Army regulations specify that suspenders of commercial design are authorized as optional purchase items that may be worn only by males in dress uniforms. In those cases, the suspenders are not allowed to be visible when worn. Our leather-end suspenders for personnel in the Army Finance Corps provide extra support to give you confidence during special ceremonies and prestigious events.

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In an age where many consumers can simply wave their smart phones at cash registers to pay for retail purchases, the idea of being paid in cash seems as old-fashioned as quill pens and powdered wigs. But the reality is that the use of checks for payroll disbursements, both in the military and the civilian sector, didn’t really catch on until after the Second World War. For members of the Finance Corps in the first half of the 20th Century, this meant having significant amounts of “folding money” on hand come payday.

Just what type of cash the Finance Department handed out, however, evolved over the course of the war, thanks in part to the universal acceptance of the U.S. dollar as a medium of exchange.

Related Finance Corps Items
When the Japanese invaded the Philippines in 1941, they were able to seize many of the nation’s banks, including the central bank in Manila. In the smaller “branch” banks were substantial amounts of U.S. dollars, or “greenbacks”—but the central bank in Manila also housed large deposits of gold and silver that served as the backing for the currency when it was used in international trade.

Gold and silver, of course, were (and in many places still are) accepted across the globe as money, especially in the form of bullion as payment for large transactions. But U.S. dollars were almost as widely accepted because they were, for all intents and purposes, as “good as gold”—and the Japanese could use those paper dollars to buy anything they would normally have had to pay for with gold or silver.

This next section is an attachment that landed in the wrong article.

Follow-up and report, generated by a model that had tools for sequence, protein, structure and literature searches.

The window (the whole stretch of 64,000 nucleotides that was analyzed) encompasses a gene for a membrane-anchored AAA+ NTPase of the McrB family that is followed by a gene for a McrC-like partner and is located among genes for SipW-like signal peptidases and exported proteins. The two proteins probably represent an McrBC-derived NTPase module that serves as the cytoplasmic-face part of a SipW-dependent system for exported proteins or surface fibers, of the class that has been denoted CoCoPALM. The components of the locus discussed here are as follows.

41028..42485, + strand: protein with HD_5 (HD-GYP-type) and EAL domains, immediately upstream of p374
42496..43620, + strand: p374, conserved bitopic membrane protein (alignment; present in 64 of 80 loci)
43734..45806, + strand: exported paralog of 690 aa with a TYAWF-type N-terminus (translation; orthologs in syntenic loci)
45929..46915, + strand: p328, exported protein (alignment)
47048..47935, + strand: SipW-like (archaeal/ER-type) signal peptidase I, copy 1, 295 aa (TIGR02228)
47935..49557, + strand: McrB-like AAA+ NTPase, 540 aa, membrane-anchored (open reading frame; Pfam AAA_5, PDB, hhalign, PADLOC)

The solution? Establish an “in-theater” currency, or scrip, that troops could use as legal tender where they were deployed, but which would not be recognized outside that zone. During the latter part of World War II, for instance, GIs stationed in Hawaii were issued scrip that could only be spent in that territory, but which they could exchange for real U.S. dollars when they returned home on furlough or after being discharged. Businesses would bring the scrip the GIs had spent to the Army, where they would be reimbursed with U.S. dollars.

Similar currencies were issued by the Finance Corps for use by soldiers serving occupation duty following the war in both the European and Pacific theaters. While this paper money is of no real value today except to collectors, they serve as a reminder not only of U.S. victory in the war, but also of the Finance Corps' resourceful solution to a significant problem.


Leather end

About us

As a certified manufacturer of uniforms and insignia, The Salute Uniforms considers it a privilege to provide the members of our nation’s military services with superior-quality apparel and accoutrements. We guarantee that every product we offer is made in the USA and meets or surpasses Mil-Spec standards. Browse our online catalog and discover how our tradition of excellence and commitment to innovation makes us your best source for military uniforms, insignias, medals, and accessories.


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105 Apache Drive, Archdale, NC, 27263.